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Rowland Chases 'Destiny' for BET

Singer returns to girl-group roots with behind-the-scenes docuseries 4/04/2016 8:00 AM Eastern
Kelly Rowland mentors aspiring girl groups in BET's new docuseries "Chasing Destiny."
CREDIT: BET Networks

Singer-songwriter Kelly Rowland — one-third of the legendary R&B trio Destiny’s Child, along with Beyoncé Knowles and Michelle Williams — will look to mentor a new musical “girl group” in Chasing Destiny, a new documentary series premiering Tuesday (April 5) on BET. Multichannel News programming editor R. Thomas Umstead caught up with Rowland to discuss her move into television as executive producer of Chasing Destiny, as well as her thoughts on its place in the slew of music competition series on television, such as The Voice. Here’s an edited excerpt of their conversation.

 

MCN Original Video: Content Spotlight on BET's 'Chasing Destiny,' With Kelly Rowland

 

MCN: What inspired you to create Chasing Destiny?

Kelly Rowland: For me, it was filling a void in the marketplace. Growing up, I remember there were so many different musical groups, whether they were male or female, and I wanted to see that again. Right now there’s only Fifth Harmony, Little Mix (which I put together) and One Direction — and all of them are from these reality competition shows. I didn’t want to do that, but instead I wanted to do a show where people were following me on this journey, so it ended up being a documentary.

 

MCN: You mentioned that there are very few female singing groups. Why are there so few groups these days?

KR: I don’t think it’s so much the business as much as there are a lot of young and upcoming artists who just want to be solo artists … I think that they think that’s all that there is, but if you share the light you sparkle brighter. I came from a great group and, within groups, they have the opportunity to showcase comradery, to be great in what they are doing and to make an impact on culture.

 

MCN: How does your show Chasing Destiny differ from similar music or talent-discovery shows like American Idol or The Voice?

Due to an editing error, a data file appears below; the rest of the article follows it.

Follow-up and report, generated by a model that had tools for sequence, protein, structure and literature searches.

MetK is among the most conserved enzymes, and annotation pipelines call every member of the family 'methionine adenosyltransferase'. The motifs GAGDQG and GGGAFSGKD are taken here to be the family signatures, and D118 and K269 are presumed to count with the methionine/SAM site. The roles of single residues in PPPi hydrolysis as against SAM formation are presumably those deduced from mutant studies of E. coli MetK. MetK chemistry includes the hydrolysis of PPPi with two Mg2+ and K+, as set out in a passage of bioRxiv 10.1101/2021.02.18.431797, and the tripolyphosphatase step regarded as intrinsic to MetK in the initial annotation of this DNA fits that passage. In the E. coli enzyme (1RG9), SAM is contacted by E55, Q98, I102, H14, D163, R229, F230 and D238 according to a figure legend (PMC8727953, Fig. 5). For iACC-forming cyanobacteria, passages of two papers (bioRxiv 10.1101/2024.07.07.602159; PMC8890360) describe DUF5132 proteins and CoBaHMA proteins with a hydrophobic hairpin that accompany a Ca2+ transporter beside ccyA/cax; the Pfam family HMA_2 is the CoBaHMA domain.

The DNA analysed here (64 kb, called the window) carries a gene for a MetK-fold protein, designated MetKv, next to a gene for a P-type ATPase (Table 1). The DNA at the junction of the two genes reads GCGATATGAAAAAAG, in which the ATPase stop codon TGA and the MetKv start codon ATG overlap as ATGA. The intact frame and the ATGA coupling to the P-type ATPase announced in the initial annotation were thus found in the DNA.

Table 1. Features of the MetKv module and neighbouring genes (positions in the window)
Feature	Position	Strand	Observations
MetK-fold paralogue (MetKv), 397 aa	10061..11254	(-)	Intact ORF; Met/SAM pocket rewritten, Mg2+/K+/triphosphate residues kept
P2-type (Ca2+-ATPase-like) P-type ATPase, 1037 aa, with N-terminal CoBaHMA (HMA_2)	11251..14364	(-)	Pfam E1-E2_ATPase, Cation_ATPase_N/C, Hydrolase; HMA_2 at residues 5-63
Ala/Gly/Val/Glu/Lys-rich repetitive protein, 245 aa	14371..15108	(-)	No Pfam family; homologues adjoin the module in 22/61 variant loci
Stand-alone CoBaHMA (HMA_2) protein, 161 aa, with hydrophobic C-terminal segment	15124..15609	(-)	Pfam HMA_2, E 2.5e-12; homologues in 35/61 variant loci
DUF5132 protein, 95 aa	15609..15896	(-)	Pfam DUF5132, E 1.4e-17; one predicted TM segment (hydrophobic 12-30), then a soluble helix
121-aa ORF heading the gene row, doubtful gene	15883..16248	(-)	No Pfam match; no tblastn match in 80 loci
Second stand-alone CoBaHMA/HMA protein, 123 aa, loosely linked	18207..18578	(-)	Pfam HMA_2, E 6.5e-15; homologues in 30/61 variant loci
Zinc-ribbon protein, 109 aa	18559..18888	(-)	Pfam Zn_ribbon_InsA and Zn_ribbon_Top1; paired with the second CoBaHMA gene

KR: For one, there’s no cutting or elimination process — you’re just seeing the group evolve and come together. There will be moments where we’ll have girls that probably won’t stay, whether it’s because of themselves or they come in and say, “I’m not cut out for this.” They’ll also see that there’s a lot of work involved; you’ll never know what’s going to happen. The cameras are rolling and they catch everything in its most organic and authentic state.

 

MCN: Has the TV music-competition genre had a positive influence on the music industry in general?

KR: I think that when you have great artists like Kelly Clarkson and Carrie Underwood that come from shows like Idol, you’re excited for them, but they also started with something magical going in. They started with a great work ethic, they love music and it’s what they live and breathe. When you have great artists like them, you realize that shows like that could be something special. But when it’s expected to find a star overnight, that’s when it becomes a hindrance to the business.

 

MCN: You’re executive producer of the series and you’re also starring in it as well. Will you look to do more television projects along with your musical endeavors?

KR: Absolutely. It’s been a lot of work, but a lot of fun so far. I didn’t know it entailed so much work in terms of thinking about all the extra things that go along with producing a show, and the logistics of everything is a lot of work. (Laughs.)

 

MCN: Will we see your Destiny’s Child sisters on the show?

KR: We’ll see. I’m calling on everybody to be completely honest not only for their knowledge but to tell everyone out there about the music industry.

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